The Caribbean Court of Justice (CCJ) has finally rendered its long-awaited ruling on the two critical constitutional matters pertaining to Guyana and these must be honoured without delay. The CCJ ruled that the No-Confidence Motion was validly passed and elections must be held within ninety days, and the unilateral appointment of the Guyana Elections Commission (GECOM) Chair was flawed. The court asked (ordered) the lawyers for the two contending parties (really President David Granger and Opposition Leader Bharrat Jagdeo) to meet and suggest a solution on a way forward to honour the rulings and return to court on Monday, June 24, with their recommendations.
If the two opposing sides can’t agree, then the court said it is prepared to impose a solution on appointing a GECOM Chair. The key aspect of the ruling is if the two sides can’t agree, the court will impose a ruling. This means for sure, Patterson will be replaced by the CCJ, and quickly, so within a few days of June 24. It also means that the CCJ will fix a date for elections within three months.
Since the No-Confidence Motion was validly passed, then the ninety days rule must kick in. Parliament must be considered to be dissolved as of today and the President must announce a date for elections, latest by September 24 (the date the court issues a final declaration on its judgment if not September 18, the date of judgment). The Government acts as caretakers until the results of the next elections. There can be no new business transactions.
Since the appointment of James Patterson as Chair of GECOM was flawed and illegal, then he must do the honourable thing (as a former Judge would do) and resign and the President must appoint someone from the lists submitted by Jagdeo. Failing to do so, the President must revoke his appointment.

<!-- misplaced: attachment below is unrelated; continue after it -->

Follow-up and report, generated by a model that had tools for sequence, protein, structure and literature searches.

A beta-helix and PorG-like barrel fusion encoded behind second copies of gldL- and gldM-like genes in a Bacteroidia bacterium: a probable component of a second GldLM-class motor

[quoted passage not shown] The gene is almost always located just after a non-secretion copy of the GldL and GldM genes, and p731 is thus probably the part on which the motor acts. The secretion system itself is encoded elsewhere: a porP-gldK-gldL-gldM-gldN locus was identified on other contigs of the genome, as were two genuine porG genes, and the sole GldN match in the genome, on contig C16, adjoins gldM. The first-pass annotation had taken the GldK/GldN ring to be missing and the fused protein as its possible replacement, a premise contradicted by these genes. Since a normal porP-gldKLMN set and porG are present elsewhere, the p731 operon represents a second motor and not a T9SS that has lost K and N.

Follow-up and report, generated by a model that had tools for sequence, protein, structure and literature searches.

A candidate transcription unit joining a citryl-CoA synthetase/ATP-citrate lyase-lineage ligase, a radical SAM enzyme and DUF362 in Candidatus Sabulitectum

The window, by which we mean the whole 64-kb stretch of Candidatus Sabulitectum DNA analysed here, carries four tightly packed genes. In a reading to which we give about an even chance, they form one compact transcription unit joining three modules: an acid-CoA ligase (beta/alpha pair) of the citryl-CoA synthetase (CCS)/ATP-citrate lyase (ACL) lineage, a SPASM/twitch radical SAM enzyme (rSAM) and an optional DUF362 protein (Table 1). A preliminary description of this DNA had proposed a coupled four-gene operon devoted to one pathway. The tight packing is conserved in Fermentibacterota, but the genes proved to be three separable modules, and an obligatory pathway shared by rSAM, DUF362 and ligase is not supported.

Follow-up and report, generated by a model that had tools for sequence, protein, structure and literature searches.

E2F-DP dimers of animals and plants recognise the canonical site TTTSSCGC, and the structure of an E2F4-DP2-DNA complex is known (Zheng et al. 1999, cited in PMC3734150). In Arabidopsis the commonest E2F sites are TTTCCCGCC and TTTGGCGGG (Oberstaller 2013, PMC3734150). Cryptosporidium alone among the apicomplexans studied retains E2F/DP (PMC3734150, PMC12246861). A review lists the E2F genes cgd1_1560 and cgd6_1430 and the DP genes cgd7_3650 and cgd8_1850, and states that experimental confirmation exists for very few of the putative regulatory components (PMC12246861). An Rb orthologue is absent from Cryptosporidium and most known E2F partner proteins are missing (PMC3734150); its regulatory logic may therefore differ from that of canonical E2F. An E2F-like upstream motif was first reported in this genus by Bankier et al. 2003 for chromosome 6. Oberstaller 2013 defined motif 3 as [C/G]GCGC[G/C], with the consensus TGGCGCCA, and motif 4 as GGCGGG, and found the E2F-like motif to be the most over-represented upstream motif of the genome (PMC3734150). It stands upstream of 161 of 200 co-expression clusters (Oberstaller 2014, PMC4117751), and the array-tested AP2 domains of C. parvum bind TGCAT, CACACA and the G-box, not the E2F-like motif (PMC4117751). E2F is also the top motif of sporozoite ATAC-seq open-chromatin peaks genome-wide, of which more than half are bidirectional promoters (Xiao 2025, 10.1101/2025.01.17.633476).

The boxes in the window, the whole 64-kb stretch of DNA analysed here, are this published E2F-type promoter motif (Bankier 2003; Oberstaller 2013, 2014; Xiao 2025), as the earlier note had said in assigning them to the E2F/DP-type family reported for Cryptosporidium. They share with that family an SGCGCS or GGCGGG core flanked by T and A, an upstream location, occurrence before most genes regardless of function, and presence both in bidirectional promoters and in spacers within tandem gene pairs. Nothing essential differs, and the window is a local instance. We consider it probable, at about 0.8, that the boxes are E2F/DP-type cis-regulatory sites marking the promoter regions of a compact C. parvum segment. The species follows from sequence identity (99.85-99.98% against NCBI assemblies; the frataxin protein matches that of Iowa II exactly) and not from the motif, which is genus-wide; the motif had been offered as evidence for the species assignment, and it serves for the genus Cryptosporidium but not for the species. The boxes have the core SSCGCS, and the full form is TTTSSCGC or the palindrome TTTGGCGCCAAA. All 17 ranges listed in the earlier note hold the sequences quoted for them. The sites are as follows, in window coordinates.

The CCJ mandates there must be consultation between the President and Opposition Leader on an appointee or a list of prospective nominees from which the President appoints one as Chair. The Opposition Leader (OL) and the President should immediately meet (consultation as required by the Constitution) on resolving this issue.
The OL should submit a list of six names or have them ready to submit to the court. Since there was consultation before on the last two lists (12 names) submitted by Jagdeo, the OL can choose six names from those lists for the President to appoint one as Chair. Patterson was not among the nominees on any list. He must, therefore, go. His failure to leave will be seen as defying the court and a moral defeat for those who brought the case against his flawed appointment. Besides those legal and moral points, very few Guyanese have confidence in Patterson to supervise free and fair elections. His replacement must be done urgently by the time the CCJ reconvenes on Monday. When the lawyers return to court on Monday, they must have a fixed timeline – when the GECOM Chair will be replaced and the date for elections. If they can’t agree on timelines, then the lawyers should ask the court to impose timelines on replacing Patterson and on a date for elections.
Dr Vishnu Bisram